Among the most recent of many puzzle pieces to be painstakingly extracted from Abaco’s Sawmill Sink blue hole is described in a report recently published in the prestigious ‘Proceedings of the National Academies of Science’ (PNAS).
The authors’ charge that warmer climate and rising sea levels after the Pleistocene Ice Age (15,000 – 9,000 years ago) resulted in mass extinction in the Americas. However, they conclude that it was the introduction of a human presence in the islands that rapidly depleted the animal life and pose the largest threat going forward.
Of the 95 species identified and recovered from Abaco’s Sawmill Sink, 41% are no longer found here. As per the publications abstract, “The late Holocene arrival of people probably depleted more populations than the dramatic physical and biological changes associated with the Pleistocene–Holocene Transition.”
Pleistocene extinctions are a controversial bit of science. However, with the authors’ latest publication, the view is a little more cohesive. In fact, the significance of the team of scientists’ findings warranted international note – appearing in publications such as the “Washington Post,” “New York Times,” and others.
The fossils unearthed and studied from Sawmill Sink is the largest amount of ice-age vertebrates to be recovered from any Caribbean island. What makes this even more special is the unique isolation islands have and thus the more undisturbed fossils and ecosystems are.
Of the 95 vertebrates recovered, thirteen were fish, eleven were reptiles, sixty three were birds and eight were mammals. Among those that are now extinct: four reptiles (among them tortoise and crocodile species), thirty one birds and four mammals.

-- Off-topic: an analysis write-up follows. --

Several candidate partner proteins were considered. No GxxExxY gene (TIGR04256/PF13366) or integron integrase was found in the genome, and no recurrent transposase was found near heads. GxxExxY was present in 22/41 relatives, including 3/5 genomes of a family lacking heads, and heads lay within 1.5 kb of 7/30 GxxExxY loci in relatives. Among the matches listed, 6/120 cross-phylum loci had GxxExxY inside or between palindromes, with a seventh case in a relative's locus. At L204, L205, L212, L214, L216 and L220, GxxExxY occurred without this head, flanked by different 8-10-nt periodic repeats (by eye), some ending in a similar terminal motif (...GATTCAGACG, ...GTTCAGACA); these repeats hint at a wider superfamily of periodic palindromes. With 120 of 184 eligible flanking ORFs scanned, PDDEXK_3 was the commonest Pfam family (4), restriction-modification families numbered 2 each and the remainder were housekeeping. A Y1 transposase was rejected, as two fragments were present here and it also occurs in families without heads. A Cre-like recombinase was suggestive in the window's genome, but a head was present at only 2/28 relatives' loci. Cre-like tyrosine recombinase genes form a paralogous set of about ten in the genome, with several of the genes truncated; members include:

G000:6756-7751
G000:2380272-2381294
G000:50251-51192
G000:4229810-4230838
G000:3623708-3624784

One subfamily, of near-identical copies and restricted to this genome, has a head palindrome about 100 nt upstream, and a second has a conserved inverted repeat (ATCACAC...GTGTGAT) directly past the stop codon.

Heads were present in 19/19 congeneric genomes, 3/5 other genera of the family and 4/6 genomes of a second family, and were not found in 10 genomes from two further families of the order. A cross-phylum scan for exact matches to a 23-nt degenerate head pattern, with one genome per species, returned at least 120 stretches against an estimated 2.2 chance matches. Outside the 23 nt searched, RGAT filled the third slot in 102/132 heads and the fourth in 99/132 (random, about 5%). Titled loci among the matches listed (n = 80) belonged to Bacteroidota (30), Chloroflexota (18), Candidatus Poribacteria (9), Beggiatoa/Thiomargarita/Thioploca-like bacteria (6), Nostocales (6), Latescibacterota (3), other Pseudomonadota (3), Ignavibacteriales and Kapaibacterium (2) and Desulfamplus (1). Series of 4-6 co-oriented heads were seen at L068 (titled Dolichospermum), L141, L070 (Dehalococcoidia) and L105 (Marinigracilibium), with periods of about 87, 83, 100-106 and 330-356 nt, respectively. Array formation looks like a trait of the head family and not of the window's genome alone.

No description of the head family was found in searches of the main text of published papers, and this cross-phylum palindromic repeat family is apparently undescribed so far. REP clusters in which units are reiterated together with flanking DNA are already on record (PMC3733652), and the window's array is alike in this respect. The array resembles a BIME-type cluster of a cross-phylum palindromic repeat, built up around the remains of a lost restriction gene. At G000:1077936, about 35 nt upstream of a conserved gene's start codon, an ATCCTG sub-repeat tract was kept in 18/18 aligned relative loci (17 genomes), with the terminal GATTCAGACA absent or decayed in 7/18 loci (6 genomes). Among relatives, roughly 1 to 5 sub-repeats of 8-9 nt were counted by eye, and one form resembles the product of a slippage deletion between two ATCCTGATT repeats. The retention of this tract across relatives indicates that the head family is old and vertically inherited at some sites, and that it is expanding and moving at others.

The bird extinctions are linked exclusively warming and moistening climate, coppice overtaking pine forests, rising sea levels and shrinking island area. The remaining twenty two extinctions are theorized to be directly related to the arrival of human populations.
With this, the paper’s authors claim human arrival to the islands played a more devastating impact than even the massive shrinking of land on Abaco (from ~17,000 square kilometers to under 1,200 square kilometers) and warming climate of the time.
“It looks like within no more than a century of humans arriving in the Bahamas, they wiped out the tortoise and the crocodile,” Dr. David Steadman (one author of the paper) said.
Beyond simply hunting, it is hypothesized that clearing already reduced land for growing crops was too much of a stressor for many of these ill-fated species.
The authors of the paper were: David W. Steadman, Nancy A. Albury, Brian Kakuk, Jim I. Mead, J. Angel Soto-Centeno, Hayley M. Singleton, and Janet Franklin.